Street Level Snapshot:
On a sunny morning in June, the bells of St. Mary’s Church ring out, a counterpoint to the rhythmic thump of construction equipment on the southeast corner of Queen and Adelaide Streets. The urban symphony is punctuated by a shouting cyclist and a honking horn, mingling the sacred with the profane.
Further north, at Queen and Bathurst, there’s a different sort of contrast. On the southeast side, the sleek and shiny design emporium CB2 sits kitty corner to the West Neighbourhood House (formerly St. Christopher House), a non-profit centre that has served new Canadians, low income Torontonians, and an urban Aboriginal population for more than a century.
The space is the site of The Meeting Place, West Neighbourhood House’s drop-in program for socially isolated and poorly housed adults, almost half of whom are Aboriginal, says Maureen Fair, executive director of West Neighbourhood House.
While Fair thinks densification and revitalization along the strip “is wonderful — an important thing”, she hopes that visitors take time to find out about West Neighbourhood House and its programs.
“I think we all need to make more of a connection to how aboriginal people live and how it affects Toronto. We all need to share that,” she says.
Home Decor Hotspot:
Stroll up to the second floor of Design Republic at 639 Queen Street West on any given day, and you may see in one corner a big, burly, bearded fellow, more often than not wearing a Ramones or Sex Pistols t-shirt that shows off his heavily tattooed arms. Cognitive dissonance sets in when you realize that he’s surrounded by luxurious pillows in candy colours — richly embroidered or soaked with glitter — and piles of swatches of gorgeous fabrics. You will be forgiven if you think you’ve stumbled upon a craft corner for bad boys.
With combined experience in textiles, design television, interior design, and print-making, the trio set up shop in the space four years ago. Prior to that, they worked from home offices.
“I would go by this building, and I thought it looked cool, so I went in to see if they wanted to sell our pillows. They basically said maybe you guys can have a little shop within a shop, which we did. We like that the area is a mix, and that there’s still room for independents,” says Briceland.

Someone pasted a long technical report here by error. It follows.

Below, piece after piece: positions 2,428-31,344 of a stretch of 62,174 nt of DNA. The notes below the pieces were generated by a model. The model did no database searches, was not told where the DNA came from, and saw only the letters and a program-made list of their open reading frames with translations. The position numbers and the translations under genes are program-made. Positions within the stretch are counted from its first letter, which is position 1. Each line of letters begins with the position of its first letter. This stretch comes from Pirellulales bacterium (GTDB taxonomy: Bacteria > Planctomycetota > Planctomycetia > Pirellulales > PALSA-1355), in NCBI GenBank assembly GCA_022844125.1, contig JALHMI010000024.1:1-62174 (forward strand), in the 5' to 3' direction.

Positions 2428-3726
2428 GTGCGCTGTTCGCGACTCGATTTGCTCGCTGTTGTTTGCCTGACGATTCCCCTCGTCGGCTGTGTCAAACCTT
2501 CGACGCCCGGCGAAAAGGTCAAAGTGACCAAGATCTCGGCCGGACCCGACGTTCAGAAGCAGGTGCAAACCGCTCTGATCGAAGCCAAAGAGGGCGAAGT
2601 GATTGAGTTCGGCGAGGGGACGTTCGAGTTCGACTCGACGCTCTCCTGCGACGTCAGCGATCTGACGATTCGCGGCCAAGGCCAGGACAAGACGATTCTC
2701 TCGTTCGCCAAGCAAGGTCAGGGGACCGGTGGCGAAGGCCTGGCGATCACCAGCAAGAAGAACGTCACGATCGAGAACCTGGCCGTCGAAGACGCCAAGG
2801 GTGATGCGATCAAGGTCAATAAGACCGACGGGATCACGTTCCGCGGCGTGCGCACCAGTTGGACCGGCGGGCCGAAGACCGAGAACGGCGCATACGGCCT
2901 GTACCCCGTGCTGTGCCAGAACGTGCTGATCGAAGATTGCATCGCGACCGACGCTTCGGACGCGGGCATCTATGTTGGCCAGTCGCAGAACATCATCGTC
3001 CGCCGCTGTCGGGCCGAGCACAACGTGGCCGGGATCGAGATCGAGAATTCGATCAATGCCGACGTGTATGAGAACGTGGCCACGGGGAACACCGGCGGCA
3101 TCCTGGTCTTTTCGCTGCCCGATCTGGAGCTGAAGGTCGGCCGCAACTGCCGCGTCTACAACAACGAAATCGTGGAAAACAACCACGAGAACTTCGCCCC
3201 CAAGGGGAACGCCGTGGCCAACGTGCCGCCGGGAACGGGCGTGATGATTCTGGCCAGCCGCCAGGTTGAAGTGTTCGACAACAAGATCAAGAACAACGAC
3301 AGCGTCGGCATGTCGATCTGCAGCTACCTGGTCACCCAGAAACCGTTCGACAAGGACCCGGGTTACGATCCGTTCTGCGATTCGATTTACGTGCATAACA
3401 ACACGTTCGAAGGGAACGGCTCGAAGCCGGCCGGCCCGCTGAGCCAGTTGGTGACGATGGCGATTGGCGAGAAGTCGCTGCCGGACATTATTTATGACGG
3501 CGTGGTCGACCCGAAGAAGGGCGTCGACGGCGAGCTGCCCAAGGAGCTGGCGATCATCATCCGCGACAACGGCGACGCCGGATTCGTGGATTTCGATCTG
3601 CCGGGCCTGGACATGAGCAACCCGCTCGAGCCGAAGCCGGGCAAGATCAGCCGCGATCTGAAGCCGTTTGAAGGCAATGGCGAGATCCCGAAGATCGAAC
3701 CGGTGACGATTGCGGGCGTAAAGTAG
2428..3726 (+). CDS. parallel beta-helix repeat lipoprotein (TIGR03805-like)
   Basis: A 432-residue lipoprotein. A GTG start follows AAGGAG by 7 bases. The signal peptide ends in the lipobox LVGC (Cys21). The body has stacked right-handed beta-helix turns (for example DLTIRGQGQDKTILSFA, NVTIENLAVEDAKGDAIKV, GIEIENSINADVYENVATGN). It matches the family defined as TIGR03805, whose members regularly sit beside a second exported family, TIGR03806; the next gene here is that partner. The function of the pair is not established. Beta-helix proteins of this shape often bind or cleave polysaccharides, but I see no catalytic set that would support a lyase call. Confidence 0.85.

teb has evolved into a full service interior design firm; they also do custom textiles and furniture, some of which is sold on the floor at Design Republic, which is owned by Craig Stephens and David Wieler, who have their own specialty — custom wood and metal work.
To get a sense of teb’s design aesthetic, you need only take a closer look at one of their pillows. It’s a silky, midnight blue, and is emblazoned with an epithet that can’t be printed in a family-oriented newspaper.
“People come to us because they want something different, something edgier,” says Briceland. “But we can do it all - we’ve done everything from super-conservative spaces to an S&M themed bedroom.”
“We’re, like, strippers, drag queens, race cars, rock ‘n roll. But we also do polka dots, sparkle, butterflies, nice pretty girlie things,” adds Adams.
“Yeah,” says Southgate, “think of us as glittery, but with a touch of profanity. “
A total of 255 units on 17 stories are being built, some of which are 2 stories. Prices range from $331,900 to over $1.3 Million, and footprints range from 575 to 1,849 square feet. Occupancy starts in February 2016.
Where To Play:
The Factory Theatre on the northeast corner of Bathurst and Adelaide has been a fixture on Toronto’s arts scene for four decades, and has been home to some of this country’s most significant playwrights.
If you need respite, spend a few minutes in the beautifully restored St. Mary’s Church. Much has been done to the site, which has been home to a church since 1852. But there’s more work ahead, says Father Fernando Couto, who is planning monuments to Torontonians who died in cholera epidemics of 1832 and 1834, and Alexander Macdonell, the first Roman Catholic bishop of Kingston, Upper Canada.
Annual number of patrons of Factory Theatre.